It really is a criticism of the fiscal advice that emerges out of the IMF’s country work, which—if adopted universally—would impart a fairly strong deflationary bias to the global economy. The IMF’s recommended fiscal expansion in Germany, the Netherlands, Sweden, and Korea remains far too modest to offset its recommended consolidation in the world’s largest economies.**
In a sense then, it is a good thing that the odds are the IMF’s advice won’t be followed any time soon.
Though, Japan is planning to take a small step toward fiscal balance with another increase in its consumption tax…and China remains strangely committed to keeping its headline central government fiscal deficit under 3 percent of GDP. The IMF’s advice isn’t entirely irrelevant either.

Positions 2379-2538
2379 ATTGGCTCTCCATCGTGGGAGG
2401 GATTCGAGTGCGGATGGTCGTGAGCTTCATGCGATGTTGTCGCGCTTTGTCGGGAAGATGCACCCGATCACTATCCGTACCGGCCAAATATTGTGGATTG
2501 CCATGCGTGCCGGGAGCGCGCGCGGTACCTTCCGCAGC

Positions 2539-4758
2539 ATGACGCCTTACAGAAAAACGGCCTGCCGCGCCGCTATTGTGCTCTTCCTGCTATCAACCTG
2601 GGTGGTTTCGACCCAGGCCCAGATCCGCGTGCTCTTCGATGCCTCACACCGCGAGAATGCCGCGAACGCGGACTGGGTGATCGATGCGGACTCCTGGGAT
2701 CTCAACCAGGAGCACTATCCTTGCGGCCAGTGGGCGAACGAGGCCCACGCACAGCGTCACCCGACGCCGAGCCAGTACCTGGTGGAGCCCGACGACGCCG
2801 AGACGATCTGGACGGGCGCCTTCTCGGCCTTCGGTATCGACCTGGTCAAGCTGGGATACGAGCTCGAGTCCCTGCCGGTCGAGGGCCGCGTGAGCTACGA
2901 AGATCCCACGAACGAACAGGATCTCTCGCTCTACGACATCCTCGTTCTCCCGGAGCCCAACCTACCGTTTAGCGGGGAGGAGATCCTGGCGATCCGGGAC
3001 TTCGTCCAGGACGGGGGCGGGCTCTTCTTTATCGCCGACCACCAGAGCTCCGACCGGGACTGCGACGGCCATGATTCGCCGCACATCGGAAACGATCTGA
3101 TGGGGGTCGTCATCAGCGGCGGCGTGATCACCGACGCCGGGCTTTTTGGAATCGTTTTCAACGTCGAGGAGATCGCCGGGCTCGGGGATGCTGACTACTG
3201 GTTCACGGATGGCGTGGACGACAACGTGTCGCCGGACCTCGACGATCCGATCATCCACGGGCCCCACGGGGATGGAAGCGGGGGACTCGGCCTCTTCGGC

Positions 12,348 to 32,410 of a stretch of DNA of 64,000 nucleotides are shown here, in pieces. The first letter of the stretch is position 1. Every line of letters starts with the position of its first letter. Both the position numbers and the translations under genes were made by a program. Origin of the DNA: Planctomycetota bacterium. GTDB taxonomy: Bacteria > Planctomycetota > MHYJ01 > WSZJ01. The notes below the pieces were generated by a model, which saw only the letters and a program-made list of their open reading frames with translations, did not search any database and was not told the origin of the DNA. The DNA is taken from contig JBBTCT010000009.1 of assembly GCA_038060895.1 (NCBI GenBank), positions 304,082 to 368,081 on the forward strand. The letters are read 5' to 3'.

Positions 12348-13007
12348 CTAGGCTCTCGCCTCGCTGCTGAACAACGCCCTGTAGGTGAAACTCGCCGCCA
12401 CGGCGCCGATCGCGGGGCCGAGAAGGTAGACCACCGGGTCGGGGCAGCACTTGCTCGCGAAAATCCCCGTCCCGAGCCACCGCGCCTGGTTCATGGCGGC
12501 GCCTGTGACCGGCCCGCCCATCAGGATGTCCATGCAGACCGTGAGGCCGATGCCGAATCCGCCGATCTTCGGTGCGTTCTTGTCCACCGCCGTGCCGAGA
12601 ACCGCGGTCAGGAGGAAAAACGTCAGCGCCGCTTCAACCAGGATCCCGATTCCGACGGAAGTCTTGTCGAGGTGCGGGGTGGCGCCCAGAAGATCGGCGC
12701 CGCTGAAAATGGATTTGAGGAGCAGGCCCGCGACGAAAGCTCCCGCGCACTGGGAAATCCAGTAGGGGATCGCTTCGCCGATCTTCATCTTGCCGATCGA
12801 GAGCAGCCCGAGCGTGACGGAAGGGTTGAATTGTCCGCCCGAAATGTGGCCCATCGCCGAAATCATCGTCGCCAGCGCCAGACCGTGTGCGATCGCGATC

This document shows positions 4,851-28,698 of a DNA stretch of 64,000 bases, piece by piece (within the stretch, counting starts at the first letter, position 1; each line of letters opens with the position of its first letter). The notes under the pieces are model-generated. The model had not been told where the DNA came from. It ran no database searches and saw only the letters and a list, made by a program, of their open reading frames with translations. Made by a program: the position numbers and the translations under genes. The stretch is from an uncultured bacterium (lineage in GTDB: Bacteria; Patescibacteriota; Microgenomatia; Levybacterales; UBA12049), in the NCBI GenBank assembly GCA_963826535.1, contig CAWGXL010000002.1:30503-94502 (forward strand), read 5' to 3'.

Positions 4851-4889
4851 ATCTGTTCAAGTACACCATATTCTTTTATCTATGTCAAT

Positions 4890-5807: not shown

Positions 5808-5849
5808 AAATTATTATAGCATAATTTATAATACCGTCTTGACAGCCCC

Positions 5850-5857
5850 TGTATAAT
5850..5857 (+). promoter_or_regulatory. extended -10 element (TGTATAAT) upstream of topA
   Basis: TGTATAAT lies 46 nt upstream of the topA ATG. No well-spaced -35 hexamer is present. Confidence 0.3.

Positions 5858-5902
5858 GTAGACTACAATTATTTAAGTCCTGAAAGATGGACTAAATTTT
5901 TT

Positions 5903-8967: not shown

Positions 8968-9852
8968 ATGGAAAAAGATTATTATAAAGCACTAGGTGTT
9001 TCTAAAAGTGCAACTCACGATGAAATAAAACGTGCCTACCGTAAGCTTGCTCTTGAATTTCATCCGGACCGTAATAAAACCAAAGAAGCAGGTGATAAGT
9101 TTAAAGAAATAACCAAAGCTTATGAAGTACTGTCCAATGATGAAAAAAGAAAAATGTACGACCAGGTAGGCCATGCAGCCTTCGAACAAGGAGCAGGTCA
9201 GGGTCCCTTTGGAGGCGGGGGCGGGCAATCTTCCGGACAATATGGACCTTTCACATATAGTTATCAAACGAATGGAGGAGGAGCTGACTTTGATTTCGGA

* China’s reported external surplus in 2018 was modest, under 0.5 pp of GDP (it rose substantially in the first quarter of 2019). The modest overall surplus though is a combination of a still large surplus in manufactures and large deficits in commodities—partially a natural result of China’s limited resources, but also partially a function of the demand created by a still very high level of investment—and a large deficit in tourism (tourism accounts for more or less all of the reported services deficit, and part of that tourism deficit is real and part is likely fake). Adjusting for the exaggerated tourism deficit brings China’s surplus back above 1 pp of GDP (especially within 2019, I think there are some very technical reasons why the fall in China’s surplus in 2018 was exaggerated a bit). So if China adopted the IMF’s fiscal advice and basically reversed its on-budget stimulus of 2015 and 2016, I think China’s true surplus would be back over two percent of GDP.